Happy Anniversary, Barney Frank!
During a House Democratic Caucus back on May 3 Congressman Barney Frank urged his colleagues to support legislation to enable federal authorities to prosecute hate crimes targeting victims because of their sexual orientation or gender identity. "If this bill passes people will still be able to call me a fag," he said, taking aim at critics who charged the bill would outlaw name-calling. "Although if they’re in the banking business, I wouldn’t recommend it."
The incisive observation was vintage Frank, of course. It also neatly encapsulated his unique status in Washington as an openly gay lawmaker and, as chair of the House Financial Services Committee, one of the most influential members of Congress.
"He’s the chairman of a powerful committee that deals with banking, housing and a wide array of important industries to this country," said Congresswoman Tammy Baldwin of Wisconsin, the only other openly gay lawmaker on Capitol Hill. "And people who are going to interact with the committee are going to have to get over any homophobia or issues they bring to this and so I think that’s extremely important. Many folks are coming to speak with [and] plead their case to Barney Frank about the banking industry, the housing industry and they’re dealing with somebody who is an openly gay man and so I think that ... helps to further educate folks and that’s important."
It was 20 years ago this week that Frank came out publicly in a pair of articles that ran on successive days in the Boston Globe. Clearly, much has changed since May of 1987, when Frank himself cast doubt on his ability to advance in the ranks because he is gay: The first of the Globe stories reported that "Frank appeared to have foreclosed his candidacy for a leadership role in Congre
Frank, who was elected to the House in 1980, was the first gay congressional representative to come out of his own volition. At the time, fellow Bay State Congressman Gerry Studds was the only openly gay federal legislator, having survived the revelation in 1983 that he had had a relationship with a 17-year-old male page some years earlier. Frank’s coming out was prompted in part by increased media interest in his private life after former Maryland congressman Bob Bauman, a right-wing Republican who lost his seat after being arrested for soliciting an underage male prostitute, made a veiled reference to Frank’s homosexuality in his 1986 book, The Gentleman from Maryland: The Conscience of a Gay Conservative.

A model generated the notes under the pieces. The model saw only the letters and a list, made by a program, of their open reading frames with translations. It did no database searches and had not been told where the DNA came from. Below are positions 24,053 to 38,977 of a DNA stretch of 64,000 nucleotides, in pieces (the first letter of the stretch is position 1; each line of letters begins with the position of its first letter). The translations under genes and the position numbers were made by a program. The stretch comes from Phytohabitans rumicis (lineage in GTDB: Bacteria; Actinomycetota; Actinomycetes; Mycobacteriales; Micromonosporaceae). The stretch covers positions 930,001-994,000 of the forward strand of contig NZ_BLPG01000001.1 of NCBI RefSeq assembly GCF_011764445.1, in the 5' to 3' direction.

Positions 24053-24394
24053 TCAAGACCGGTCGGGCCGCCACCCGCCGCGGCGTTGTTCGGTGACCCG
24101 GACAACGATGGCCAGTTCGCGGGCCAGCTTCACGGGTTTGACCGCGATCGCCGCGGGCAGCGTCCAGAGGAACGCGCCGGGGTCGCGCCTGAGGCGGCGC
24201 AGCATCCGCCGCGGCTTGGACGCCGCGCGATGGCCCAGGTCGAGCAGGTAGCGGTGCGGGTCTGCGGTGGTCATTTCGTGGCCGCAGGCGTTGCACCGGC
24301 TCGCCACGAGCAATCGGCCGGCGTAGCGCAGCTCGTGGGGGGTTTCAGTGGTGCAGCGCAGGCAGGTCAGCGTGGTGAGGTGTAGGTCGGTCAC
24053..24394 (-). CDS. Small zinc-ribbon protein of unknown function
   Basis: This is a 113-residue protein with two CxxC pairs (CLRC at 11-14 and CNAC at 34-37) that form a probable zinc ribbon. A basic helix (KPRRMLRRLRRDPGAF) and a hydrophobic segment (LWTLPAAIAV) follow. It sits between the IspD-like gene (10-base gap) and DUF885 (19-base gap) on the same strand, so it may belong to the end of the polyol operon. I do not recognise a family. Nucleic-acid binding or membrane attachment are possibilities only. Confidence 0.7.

Although his record of support for LGBT rights long pre-dates his public coming out - for instance, he sponsored the gay civil rights bill as a Massachusetts state representative back in the 1970s - Frank’s effect on the gay rights movement has been far greater as an openly gay elected official. In a recent interview, Frank summed up the difference two decades can make this way: "Twenty years ago I was worried about telling anybody," he said. "And then, almost 20 years later ... I’m making this very personal speech [to my colleagues] about [why] you’ve got vote with us." At one point in his speech to the House Democratic Caucus, Frank recalled, he said, "I’m not [personally] worried about hate crimes now; I’m a big shot now. I’m very well protected, but I remember when I was 15."
That ability to speak from life experiences, Baldwin notes, is an important piece of persuading legislative colleagues "to see the light" on LGBT issues. "We bring them with us to this job and so as any of us work on legislation that is ... deeply personal to us, it allows us to really speak from the heart with our colleagues," she said.
With Democrats in control of both the House and Senate, Frank’s presence as an openly gay lawmaker - Baldwin’s too, for that matter - will likely be felt more than ever as LGBT-friendly legislation that was previously buried by conservative Republican leaders gets a fair hearing on the Hill. That was evident in a big way during the vote on the hate crimes bill, when House Speaker Nancy Pelosi handed her gavel over to Frank for the vote, a gesture he characterized as "really very, very sweet." C-SPAN footage of his final call on the measure was quickly uploaded to
YouTube and made the rounds of popular progressive and LGBT blogs.